Katie Kish


High or Low Carb Diet?

When I found out I have gestational diabetes my first instinct was to eliminate most carbohydrates from my diet. When I finally saw the dietitian and doctor, two weeks later, I was scolded for that choice and told that it would produce high levels of ketones in my urine, which are ‘toxic’ for the baby.

Toxic? Really? Is that a word health care professionals use now?

I was in a state of distress and all the information coming at me was overwhelming so I didn’t question her. I went from 60 net carbs a day up to 140 net carbs and my glucose numbers went through the roof. My ketones went down from large to small and my insulin was going up-up-up everyday. It didn’t seem right to me. Maybe I hadn’t made the right choice to cut carbs as low as I had, but it also didn’t seem right to be eating SO MANY CARBS that I was finding it hard to eat my bedtime snack because I was so full from all the food I had eaten that day. Why couldn’t I increase to just 90 or 100 net carbs a day? 

So, I hopped on PubMed and started researching. 

There appears to be some evidence that ketones in urine during pregnancy can lead to learning disabilities, but the results are inconclusive and could be related to many other factors going on during the pregnancy and woman’s life. One study from 2009 suggests that ketones could have consequences for the neurocognitive development of the infant citing a chapter that doesn’t seem to address this directly and instead  recommends further research is needed on the impacts of ketones with no initial indication on the impacts, simply that pregnant women develop ketones faster than non-pregnant women. More recently, in 2013, some concerned developed regarding ketones and sufficient growth of organs, based on a study of mice.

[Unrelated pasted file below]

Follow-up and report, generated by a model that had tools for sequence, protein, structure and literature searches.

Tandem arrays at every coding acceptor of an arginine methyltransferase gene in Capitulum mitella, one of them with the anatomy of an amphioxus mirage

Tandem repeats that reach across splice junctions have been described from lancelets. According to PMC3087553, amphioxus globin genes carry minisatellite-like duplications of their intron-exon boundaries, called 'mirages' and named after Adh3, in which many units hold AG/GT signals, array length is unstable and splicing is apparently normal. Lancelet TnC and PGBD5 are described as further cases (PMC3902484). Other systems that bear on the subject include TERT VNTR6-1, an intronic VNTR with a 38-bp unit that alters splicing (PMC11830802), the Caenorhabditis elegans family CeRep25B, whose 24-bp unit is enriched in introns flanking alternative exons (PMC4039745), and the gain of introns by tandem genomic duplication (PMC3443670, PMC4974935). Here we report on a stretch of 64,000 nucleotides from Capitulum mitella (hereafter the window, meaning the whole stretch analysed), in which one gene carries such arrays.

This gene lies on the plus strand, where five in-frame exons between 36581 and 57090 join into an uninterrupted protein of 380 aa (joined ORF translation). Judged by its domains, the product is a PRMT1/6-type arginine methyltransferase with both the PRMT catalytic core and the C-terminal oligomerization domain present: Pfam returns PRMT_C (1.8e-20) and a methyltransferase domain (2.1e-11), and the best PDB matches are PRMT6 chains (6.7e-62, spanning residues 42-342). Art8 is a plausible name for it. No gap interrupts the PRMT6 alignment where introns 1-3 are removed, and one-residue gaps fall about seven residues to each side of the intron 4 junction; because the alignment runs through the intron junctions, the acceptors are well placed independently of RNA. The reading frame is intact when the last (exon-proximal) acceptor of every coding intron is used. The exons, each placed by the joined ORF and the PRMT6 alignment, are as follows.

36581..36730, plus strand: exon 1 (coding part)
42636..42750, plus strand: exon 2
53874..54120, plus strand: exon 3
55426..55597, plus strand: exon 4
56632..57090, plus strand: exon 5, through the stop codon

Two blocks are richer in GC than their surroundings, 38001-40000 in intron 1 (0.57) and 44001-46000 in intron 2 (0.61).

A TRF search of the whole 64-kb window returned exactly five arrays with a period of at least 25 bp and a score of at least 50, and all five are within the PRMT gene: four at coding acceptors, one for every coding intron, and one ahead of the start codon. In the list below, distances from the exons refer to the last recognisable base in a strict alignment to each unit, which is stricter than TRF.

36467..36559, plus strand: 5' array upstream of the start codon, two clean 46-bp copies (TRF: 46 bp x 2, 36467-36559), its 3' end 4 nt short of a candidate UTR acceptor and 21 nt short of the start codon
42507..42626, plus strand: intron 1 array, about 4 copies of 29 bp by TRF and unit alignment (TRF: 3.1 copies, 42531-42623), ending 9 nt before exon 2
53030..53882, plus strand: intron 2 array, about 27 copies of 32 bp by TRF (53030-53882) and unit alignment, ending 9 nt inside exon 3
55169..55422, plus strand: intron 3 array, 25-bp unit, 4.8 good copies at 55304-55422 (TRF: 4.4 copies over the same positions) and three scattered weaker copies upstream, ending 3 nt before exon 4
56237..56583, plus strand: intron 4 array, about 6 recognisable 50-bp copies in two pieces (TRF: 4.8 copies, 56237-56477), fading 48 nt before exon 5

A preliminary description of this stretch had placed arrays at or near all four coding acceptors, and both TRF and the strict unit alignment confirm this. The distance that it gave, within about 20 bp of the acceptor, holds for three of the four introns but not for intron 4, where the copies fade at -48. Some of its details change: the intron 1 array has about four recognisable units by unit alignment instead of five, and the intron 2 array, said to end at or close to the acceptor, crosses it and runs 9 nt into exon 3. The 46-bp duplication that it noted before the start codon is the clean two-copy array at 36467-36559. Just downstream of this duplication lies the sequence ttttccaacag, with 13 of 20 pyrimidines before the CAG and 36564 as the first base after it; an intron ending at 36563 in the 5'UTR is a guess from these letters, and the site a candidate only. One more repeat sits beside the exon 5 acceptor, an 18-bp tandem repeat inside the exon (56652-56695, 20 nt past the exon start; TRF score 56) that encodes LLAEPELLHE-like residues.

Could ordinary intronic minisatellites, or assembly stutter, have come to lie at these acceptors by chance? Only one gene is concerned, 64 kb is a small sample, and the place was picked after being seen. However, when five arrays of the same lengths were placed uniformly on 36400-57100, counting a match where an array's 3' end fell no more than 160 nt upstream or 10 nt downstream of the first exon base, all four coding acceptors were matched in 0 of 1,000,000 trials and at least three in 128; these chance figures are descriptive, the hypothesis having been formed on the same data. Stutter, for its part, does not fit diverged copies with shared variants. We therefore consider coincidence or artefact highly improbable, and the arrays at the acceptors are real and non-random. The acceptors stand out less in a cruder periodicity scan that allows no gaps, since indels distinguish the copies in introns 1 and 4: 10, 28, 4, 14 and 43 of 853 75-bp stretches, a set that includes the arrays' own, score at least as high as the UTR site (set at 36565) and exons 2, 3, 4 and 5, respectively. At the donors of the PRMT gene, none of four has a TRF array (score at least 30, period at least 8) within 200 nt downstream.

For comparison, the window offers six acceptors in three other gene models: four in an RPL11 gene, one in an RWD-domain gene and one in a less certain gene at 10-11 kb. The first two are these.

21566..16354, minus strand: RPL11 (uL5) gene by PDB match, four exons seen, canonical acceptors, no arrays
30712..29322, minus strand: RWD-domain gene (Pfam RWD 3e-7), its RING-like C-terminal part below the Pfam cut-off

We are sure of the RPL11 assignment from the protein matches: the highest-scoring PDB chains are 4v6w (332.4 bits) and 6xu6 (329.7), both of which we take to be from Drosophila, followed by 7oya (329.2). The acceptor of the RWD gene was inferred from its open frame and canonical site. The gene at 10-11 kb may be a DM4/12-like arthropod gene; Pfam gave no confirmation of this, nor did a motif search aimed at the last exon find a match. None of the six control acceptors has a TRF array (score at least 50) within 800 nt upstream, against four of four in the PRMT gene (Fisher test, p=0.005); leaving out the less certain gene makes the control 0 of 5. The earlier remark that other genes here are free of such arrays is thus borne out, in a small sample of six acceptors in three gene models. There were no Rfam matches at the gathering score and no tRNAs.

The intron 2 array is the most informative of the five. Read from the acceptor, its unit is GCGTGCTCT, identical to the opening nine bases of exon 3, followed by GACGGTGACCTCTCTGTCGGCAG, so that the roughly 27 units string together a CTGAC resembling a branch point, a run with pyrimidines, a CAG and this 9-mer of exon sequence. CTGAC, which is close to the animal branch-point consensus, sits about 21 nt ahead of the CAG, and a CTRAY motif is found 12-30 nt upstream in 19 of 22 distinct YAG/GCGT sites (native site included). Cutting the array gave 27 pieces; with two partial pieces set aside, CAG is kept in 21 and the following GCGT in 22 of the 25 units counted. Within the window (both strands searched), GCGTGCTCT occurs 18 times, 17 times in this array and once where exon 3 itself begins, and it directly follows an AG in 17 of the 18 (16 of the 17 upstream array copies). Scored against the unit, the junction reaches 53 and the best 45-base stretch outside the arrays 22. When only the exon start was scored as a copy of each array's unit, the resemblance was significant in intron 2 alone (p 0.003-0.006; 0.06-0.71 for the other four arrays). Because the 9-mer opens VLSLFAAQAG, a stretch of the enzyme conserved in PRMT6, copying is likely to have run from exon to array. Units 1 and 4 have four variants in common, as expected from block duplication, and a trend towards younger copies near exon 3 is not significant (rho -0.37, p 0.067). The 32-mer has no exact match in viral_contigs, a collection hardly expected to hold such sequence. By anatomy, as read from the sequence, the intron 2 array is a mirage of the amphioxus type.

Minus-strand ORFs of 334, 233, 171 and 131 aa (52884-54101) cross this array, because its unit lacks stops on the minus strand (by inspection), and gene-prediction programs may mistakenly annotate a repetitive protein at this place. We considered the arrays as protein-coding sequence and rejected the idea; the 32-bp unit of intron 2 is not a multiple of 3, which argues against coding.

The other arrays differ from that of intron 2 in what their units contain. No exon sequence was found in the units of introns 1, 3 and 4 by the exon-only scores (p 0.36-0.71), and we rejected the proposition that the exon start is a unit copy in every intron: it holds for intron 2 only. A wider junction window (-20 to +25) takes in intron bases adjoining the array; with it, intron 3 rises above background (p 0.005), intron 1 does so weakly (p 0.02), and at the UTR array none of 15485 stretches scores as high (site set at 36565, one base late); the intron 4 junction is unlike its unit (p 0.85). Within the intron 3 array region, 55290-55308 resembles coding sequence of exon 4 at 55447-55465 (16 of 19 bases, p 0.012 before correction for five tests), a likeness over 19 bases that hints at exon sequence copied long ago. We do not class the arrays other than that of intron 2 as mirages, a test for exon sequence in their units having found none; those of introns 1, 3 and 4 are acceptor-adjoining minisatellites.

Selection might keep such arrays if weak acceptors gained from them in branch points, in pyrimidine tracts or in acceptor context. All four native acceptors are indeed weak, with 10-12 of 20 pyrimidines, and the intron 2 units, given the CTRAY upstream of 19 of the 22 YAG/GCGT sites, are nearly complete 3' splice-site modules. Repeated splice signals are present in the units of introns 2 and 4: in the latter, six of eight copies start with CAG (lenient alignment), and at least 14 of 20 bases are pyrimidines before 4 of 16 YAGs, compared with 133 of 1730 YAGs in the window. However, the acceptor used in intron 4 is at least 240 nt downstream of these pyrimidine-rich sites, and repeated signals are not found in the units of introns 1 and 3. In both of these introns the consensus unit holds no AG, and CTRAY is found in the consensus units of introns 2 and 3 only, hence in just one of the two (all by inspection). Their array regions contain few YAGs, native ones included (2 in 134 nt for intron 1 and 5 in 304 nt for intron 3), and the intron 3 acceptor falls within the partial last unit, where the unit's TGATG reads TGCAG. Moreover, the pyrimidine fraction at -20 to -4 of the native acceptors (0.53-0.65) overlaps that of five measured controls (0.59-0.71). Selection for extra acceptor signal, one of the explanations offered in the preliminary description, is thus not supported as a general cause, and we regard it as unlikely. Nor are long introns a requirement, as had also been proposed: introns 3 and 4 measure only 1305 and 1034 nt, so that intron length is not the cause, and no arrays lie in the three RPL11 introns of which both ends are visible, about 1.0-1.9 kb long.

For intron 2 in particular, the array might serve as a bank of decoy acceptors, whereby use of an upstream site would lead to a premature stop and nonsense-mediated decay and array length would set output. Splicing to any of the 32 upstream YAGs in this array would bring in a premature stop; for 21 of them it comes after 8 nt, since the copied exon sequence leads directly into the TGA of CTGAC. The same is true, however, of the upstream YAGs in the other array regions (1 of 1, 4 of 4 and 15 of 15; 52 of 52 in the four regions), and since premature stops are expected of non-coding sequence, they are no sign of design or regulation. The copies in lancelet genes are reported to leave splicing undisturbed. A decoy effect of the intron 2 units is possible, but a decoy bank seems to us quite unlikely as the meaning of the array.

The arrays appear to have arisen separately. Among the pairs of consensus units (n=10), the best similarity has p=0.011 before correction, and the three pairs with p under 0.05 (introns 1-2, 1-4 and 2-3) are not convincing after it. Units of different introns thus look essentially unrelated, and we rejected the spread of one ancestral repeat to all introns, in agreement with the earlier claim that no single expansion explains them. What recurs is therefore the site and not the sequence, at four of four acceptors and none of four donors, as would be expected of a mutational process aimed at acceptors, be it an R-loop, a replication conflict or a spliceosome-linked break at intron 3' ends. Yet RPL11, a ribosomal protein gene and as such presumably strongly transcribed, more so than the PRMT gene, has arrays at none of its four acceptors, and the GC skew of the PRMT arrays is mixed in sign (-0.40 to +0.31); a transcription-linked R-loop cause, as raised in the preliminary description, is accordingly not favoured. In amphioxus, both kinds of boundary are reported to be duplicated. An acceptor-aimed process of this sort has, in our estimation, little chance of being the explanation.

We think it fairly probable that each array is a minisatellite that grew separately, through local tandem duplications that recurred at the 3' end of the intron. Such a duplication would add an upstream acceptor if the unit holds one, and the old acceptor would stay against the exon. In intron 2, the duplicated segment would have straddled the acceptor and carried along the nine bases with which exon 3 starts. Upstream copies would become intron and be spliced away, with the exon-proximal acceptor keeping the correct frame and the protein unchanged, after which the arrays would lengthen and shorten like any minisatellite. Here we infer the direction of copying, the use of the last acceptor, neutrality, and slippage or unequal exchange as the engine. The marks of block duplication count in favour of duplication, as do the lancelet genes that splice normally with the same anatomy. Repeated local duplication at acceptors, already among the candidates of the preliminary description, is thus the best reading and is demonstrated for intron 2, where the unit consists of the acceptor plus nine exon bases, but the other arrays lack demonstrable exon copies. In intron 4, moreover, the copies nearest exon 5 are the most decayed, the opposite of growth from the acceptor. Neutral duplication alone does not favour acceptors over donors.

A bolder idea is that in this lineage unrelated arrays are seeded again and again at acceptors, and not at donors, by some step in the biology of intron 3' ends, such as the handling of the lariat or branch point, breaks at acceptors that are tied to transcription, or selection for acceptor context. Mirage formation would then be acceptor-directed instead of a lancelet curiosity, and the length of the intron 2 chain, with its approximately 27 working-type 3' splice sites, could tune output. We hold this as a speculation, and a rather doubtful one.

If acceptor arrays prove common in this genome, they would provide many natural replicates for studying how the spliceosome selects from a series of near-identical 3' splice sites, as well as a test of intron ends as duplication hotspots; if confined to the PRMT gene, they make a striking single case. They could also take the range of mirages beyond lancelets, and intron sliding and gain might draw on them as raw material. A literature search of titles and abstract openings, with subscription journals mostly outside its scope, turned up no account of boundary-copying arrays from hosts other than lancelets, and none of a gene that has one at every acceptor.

However, in 1991 a study was published that questions the severity of these later published studies. Knopp et al. write:

In conclusion, 50% caloric restriction improves glycemic status in obese women with gestational diabetes but is associated with an increase in ketonuria, which is of uncertain significance. An intermediate 33% level of caloric restriction (to 1600-1800 kcal daily) may be more appropriate in dietary management of obese woman with gestational diabetes mellitus and more effective than prophylactic insulin. Further studies are required to confirm these findings.https://www.ncbi.nlm.nih.gov/pubmed/1770194

It might be, especially in overweight/obese women such as myself, that a slightly restricted caloric diet that still contains carbohydrates but will most certainly lead to ketones in the urine could be appropriate. But, the impact of weight loss is uncertain and therefore also not generally not recommended.

This is why it’s confusing. After a week of obsessive research my conclusions are:

“Yes cut calories by 33% (so you will see ketones and use less insulin because you’ll be burning fat) but don’t lose weight (so don’t cut your calories) and watch for ketones (likely by eating more carbs and needing to take more insulin) but we don’t have proof as to why – except that we want to definitely avoid ketoacidosis, but maybe not nutritional ketones … but we can’t tell the difference on the pee stick. Oh, and that high positive you get on your ketones might just be from dehydration and, Dr. Jovanovic argues that ketones in urine actually mean nothing (but I would take anything posted on Diet Doctor with a grain of salt because they don’t quite seem to understand what we can learn from mice and apply to humans).”


Oy. Vey.

AllinaHealth (and others I’ve read) suggest there is a problem only when both ketones and blood glucose are high. So, if I can keep my glucose low and ketones in moderation, maybe that’s the sweet spot. Hopefully, because that’s what I’ve decided to do and so far it’s working. My blood levels are nice and low and my ketones range from trade to moderate – usually depending on my hydration level. 

This has once again highlighted the importance of having a health care team that you trust. I am going to take this conversation to my team next week and see what they have to say – but I’m pretty sure they’re just going to stay to up my carbs and up my insulin to lower the ketones because that’s the standard route. I don’t believe they see people as indiviudalized agents with preferences who have done research themselves. I’m certainly not saying that I know more than a medical doctor, I just hope they’ll be open to having the conversation with me. And when they tell me to increase the carbs again, I hope they’re ready to explain why. 

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